MUMBAI (AFP) – Indian authorities clamped down on one of the country’s biggest Hindu festivals on Monday as the country passed 12 million coronavirus cases with financial hub Mumbai recording its highest-ever rise in daily infections.
Public celebrations to mark Holi — a popular festival where people smear colour on each other — were banned in some states and territories, including the capital Delhi, over fears they could become ‘super-spreader’ events, with police patrolling streets in Mumbai to prevent large gatherings.
Despite the restrictions, revellers still gathered in neighbourhoods across the country, banging drums and hurling coloured powder at each other.
“We are aware of the pandemic, but we can not ignore the wishes of the people who want to celebrate the festival of colour,” TV actor Debdut Ghosh, who is campaigning for an election in West Bengal state, told AFP in Kolkata.
Many people also took to the streets in the northern city of Lucknow in Uttar Pradesh state, the country’s Hindu heartland of 1.3 billion people.
“Had it not been a festival, I would not have stepped out,” septuagenarian B.K. Tiwari told AFP as he carried his colour-smeared facemask.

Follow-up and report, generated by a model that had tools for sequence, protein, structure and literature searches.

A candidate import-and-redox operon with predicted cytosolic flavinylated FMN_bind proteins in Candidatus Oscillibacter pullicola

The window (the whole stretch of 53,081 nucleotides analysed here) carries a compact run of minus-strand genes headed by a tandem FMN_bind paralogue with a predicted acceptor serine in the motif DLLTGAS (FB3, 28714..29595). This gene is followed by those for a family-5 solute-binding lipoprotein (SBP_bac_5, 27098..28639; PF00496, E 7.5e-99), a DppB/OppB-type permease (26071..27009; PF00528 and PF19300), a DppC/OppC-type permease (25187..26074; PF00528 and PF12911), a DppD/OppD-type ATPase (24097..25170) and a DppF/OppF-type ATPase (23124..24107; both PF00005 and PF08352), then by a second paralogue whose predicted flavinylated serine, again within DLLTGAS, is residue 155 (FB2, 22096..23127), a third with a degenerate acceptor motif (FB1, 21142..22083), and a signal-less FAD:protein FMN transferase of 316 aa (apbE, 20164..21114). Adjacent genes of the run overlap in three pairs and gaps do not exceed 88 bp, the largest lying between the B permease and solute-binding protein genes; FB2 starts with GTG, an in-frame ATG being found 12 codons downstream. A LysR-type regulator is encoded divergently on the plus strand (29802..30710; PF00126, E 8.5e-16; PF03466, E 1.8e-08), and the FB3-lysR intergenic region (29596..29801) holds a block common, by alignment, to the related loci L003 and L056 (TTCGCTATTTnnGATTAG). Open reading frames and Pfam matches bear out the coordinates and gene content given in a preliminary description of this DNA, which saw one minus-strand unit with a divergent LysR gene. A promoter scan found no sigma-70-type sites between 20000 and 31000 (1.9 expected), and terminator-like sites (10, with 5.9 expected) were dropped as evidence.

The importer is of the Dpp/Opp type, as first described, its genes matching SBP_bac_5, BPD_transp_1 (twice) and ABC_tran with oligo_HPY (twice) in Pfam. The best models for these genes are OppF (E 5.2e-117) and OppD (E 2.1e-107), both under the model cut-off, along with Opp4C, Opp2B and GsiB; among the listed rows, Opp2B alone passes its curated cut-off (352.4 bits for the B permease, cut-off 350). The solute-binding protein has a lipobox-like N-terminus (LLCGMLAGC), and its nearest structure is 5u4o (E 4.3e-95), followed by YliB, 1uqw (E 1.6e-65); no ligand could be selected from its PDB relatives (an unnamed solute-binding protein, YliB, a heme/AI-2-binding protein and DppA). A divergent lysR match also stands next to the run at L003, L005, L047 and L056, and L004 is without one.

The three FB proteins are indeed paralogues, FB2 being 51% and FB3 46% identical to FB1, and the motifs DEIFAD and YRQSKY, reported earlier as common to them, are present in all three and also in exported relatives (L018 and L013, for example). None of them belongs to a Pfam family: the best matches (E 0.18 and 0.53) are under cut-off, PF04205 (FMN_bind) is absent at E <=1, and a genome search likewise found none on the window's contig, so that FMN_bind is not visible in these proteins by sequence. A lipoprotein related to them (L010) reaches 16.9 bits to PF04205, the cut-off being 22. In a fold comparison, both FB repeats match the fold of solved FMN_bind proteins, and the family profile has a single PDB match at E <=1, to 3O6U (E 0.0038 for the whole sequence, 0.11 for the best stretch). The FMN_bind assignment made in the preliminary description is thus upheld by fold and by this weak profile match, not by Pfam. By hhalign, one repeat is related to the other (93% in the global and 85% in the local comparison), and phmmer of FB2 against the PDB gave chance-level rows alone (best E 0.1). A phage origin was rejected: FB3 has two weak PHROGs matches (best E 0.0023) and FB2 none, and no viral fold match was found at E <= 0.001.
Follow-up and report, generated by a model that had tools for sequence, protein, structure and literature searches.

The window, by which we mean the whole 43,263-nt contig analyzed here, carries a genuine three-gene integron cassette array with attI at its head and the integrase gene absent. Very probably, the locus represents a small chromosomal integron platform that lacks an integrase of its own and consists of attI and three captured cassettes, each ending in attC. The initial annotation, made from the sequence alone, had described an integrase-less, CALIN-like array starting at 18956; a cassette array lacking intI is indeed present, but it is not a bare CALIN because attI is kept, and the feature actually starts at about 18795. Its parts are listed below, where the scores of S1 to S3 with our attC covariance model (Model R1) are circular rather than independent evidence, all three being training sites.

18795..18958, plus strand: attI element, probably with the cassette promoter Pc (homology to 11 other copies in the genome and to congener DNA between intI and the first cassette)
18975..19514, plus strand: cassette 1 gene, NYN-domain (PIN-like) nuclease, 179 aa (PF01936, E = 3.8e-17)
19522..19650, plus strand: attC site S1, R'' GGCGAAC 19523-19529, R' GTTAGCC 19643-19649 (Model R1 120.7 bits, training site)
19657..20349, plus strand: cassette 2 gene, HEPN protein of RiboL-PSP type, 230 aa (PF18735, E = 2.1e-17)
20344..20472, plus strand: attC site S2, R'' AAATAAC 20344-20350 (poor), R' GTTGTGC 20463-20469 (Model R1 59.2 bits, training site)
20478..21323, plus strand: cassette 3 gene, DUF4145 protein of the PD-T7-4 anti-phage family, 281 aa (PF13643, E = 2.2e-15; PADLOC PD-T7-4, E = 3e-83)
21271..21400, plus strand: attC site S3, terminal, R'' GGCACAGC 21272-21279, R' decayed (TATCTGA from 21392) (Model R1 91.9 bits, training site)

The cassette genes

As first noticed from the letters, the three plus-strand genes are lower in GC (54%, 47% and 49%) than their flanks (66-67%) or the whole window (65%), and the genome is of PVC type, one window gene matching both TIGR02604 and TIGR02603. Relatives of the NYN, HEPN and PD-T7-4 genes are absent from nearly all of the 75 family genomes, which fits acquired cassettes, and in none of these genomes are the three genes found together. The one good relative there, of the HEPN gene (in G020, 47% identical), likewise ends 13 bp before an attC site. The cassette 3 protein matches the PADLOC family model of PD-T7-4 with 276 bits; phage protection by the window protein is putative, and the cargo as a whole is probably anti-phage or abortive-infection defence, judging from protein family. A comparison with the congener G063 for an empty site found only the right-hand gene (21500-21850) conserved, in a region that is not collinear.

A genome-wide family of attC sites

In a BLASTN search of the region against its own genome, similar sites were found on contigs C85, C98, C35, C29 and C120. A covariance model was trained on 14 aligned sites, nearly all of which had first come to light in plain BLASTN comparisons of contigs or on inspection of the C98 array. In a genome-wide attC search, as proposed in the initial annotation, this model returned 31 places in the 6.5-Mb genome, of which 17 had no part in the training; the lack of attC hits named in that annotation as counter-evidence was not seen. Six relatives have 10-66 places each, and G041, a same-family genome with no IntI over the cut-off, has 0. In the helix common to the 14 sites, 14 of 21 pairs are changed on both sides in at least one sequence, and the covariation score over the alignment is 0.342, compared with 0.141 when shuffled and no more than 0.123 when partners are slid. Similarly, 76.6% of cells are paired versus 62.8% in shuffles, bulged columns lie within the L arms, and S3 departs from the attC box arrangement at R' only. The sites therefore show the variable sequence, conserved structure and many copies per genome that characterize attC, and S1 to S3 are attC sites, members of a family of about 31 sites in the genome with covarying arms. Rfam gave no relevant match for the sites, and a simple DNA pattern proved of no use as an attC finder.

The muted celebrations went ahead despite a nationwide surge in coronavirus cases.
India reported 68,020 new daily infections on Monday — a significant rise from below 9,000 in early February — taking the total number of cases to more than 12 million.
“If the outbreak grows at that pace — about five times in five weeks — that’s worrisome,” virologist Shahid Jameel told AFP, adding that the lack of mask-wearing and social distancing was fuelling the surge.
Mumbai reported more than 6,900 new cases — a record for the city of 20 million and more than double last year’s peak.
The western state of Maharashtra, home to Mumbai, is mulling a full lockdown to tackle the spread of the disease after imposing a nightly curfew from Sunday.
India — the third-most infected nation — has shied away from harsh restrictions to combat Covid-19, after gradually lifting one of the world’s strictest lockdowns last year to revive the devastated economy.
Optimism that India’s vaccine drive would ease the impact of the virus has also faltered with sluggish inoculation rates.
More than 60 million shots have been administered since mid-January, a far slower pace than needed to reach the ambitious target of vaccinating 300 million people by the end of July.
India, home to the world’s biggest vaccine manufacturer, has meanwhile slowed its export of shots due to the spike.